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After five World Cups, Joe still loves ‘Play Misty for Me’

Brave model Joe McGunnigle with daughter Karen Sedgwick and grandaughter Cassie McGunnigle.
Picture by Colin Rennie.
Brave model Joe McGunnigle with daughter Karen Sedgwick and grandaughter Cassie McGunnigle. Picture by Colin Rennie.

Some people stare at the wall and quietly fade away after a cancer diagnosis.

Others regard it as a challenge to be tackled with the same passion and positivity with which they have embraced the rest of their life.

There is no arguing in which category Joe McGunnigle belongs.

At 75, this is a fellow with a effervescence that would embarrass many people half his age.

The Aberdeen man was diagnosed with stage 4 head and neck cancer 18 months ago.

But event though he has endured a debilitating regime of radiotherapy and chemotherapy as the disease has spread, he is relishing the chance to appear in the Brave catwalk shows, organised by Friends of Anchor, at the Beach Ballroom next month.

A couple of things were immediately apparent upon visiting his house in the Granite City last week.

Firstly, Mr McGunnigle is totally devoted to his eight-year-old Jack Russell, Misty, who bounded about like a puppy as she bade us all a warm welcome.

Secondly, despite his illness forcing major changes to his appearance, speech and his ability to eat, he retains an infectious joie de vivre and refusal to be downcast.

He said: “I was told the cancer I had was very rare. The doctor at ARI hadn’t seen a case of it in the last 20 years.

“I thought ‘Well, I’m a rare specimen, so it had to be a rare cancer’.

At this point, he rose from his chair and sashayed along the carpet, demonstrating the dance moves he will display when he makes his modelling debut on May 11.

Then he sat himself down on the sofa next to his granddaughter, Cassie, and his daughter, Karen – who had secretly nominated him for Brave – and began talking about his love of Scottish football.

“I don’t suppose there are too many people around these days who have watched the Scots at five different World Cups, but I have seen them play in more than 50 countries,” he said.

“I was in Germany in 1974, Spain in 1982, Mexico in 1986, Italy in 1990 and France in 1998.

“It’s a little bit of a shame that we haven’t reached the finals of the tournament since, but hope springs eternal.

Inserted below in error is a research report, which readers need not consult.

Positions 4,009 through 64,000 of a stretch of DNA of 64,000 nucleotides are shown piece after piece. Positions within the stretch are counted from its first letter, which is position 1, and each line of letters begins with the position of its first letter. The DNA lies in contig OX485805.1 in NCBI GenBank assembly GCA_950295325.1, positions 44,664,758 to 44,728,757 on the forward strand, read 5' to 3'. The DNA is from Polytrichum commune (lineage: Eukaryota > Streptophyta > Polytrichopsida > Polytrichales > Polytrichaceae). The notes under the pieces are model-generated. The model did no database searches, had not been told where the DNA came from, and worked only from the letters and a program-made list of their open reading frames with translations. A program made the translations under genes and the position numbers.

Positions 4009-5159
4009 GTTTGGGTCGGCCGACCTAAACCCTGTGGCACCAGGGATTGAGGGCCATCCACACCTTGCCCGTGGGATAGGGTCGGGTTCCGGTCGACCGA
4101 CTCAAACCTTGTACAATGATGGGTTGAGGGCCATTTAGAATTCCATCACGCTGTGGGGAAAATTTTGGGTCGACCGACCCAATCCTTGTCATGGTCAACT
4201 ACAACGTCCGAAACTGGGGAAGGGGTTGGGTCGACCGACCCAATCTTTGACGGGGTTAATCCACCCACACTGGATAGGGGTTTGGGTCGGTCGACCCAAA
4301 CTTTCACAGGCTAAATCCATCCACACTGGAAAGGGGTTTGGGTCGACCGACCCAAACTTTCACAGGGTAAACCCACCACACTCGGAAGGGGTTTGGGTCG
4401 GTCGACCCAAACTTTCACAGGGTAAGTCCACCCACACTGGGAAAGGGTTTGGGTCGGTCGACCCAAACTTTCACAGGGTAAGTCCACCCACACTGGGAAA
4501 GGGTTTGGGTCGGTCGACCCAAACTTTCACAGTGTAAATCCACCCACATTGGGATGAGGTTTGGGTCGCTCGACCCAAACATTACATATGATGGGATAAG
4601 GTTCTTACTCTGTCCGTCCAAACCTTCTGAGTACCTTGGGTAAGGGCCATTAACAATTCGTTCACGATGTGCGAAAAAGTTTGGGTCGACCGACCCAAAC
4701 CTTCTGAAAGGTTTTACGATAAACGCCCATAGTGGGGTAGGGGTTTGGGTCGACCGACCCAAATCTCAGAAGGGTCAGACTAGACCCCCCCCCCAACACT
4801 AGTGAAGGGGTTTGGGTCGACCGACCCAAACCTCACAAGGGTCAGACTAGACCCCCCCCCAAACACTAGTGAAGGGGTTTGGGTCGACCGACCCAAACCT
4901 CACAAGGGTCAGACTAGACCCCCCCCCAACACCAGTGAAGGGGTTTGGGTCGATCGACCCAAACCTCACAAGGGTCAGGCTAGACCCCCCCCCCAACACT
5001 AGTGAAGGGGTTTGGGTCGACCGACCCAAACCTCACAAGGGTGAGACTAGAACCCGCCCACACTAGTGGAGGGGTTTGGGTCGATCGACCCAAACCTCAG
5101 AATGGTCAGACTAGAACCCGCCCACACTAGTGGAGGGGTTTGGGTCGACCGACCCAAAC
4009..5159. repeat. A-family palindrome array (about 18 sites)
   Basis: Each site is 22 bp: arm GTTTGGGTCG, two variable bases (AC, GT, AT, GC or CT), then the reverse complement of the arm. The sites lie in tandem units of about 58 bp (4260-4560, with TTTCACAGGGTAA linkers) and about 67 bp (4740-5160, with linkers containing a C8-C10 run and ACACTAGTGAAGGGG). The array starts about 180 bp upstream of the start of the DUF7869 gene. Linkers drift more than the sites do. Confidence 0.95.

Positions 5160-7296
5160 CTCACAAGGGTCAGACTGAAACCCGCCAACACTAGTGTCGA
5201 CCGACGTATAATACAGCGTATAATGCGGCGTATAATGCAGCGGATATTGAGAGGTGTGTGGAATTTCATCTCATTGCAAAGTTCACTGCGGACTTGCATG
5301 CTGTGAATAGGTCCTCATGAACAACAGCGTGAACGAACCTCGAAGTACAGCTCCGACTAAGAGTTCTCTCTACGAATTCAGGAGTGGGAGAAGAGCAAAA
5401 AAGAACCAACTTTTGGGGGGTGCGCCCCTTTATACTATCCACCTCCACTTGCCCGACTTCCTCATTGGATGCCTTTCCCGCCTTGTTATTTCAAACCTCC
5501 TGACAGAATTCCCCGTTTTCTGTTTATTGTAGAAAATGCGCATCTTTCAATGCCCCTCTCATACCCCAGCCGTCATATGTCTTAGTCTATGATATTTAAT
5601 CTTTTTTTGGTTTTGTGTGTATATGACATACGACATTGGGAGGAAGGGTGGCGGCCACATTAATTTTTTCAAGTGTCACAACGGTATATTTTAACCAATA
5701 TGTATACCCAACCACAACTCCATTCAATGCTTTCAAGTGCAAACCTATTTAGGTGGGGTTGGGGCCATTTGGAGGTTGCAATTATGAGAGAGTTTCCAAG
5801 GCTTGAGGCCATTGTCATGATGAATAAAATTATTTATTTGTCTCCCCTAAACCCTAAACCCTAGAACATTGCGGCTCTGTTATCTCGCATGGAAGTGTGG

“Even after I had gone through my surgery,I managed to travel over to Slovenia for a World Cup qualifier in 2017.

“And I still meet up with a few of my friends at the Pittodrie Bar and we have a laugh together.

“I usually talk in Doric, and, just before surgery, my consultant joked that he would give me a nice English accent. I said ‘dinnae ye dare dae that.”

Mr McGunnigle has a plethora of these stories.

“I suppose I have always been a bit of an extrovert and I knew I was destined to be a model one day,” he said.

Then, in the next breath, he added: “When I found out I wouldn’t be able to eat through my mouth any more, do you know what my last meal was? A fish supper at the Ashvale!”

He realises he will have to undergo another gruelling session of chemotherapy, on a 24-hour-a-day basis, in the weeks ahead, prior to participating in Brave.

And he has nothing but admiration for the medical staff who have assisted him on his journey.

He said: “The kindness and support of all the ARI and Anchor Unit staff is making a tough time a wee bit easier.

“And with the help and care from these amazing people and my loving family, I am still enjoying life to the full.”

Mr McGunnigle has suffered plenty of slings and arrows in recent times, but this redoubtable customer seems eternally young at heart, not least because of Misty.

“She is something else, she is totally devoted to me, and whenever I come home from the hospital, she always rushes towards the door and she is beside herself with excitement.

“But there again, so am I.”

If you would like to contribute to Mr McGunnigle’s JustGiving charity fundraising page, it can be found at


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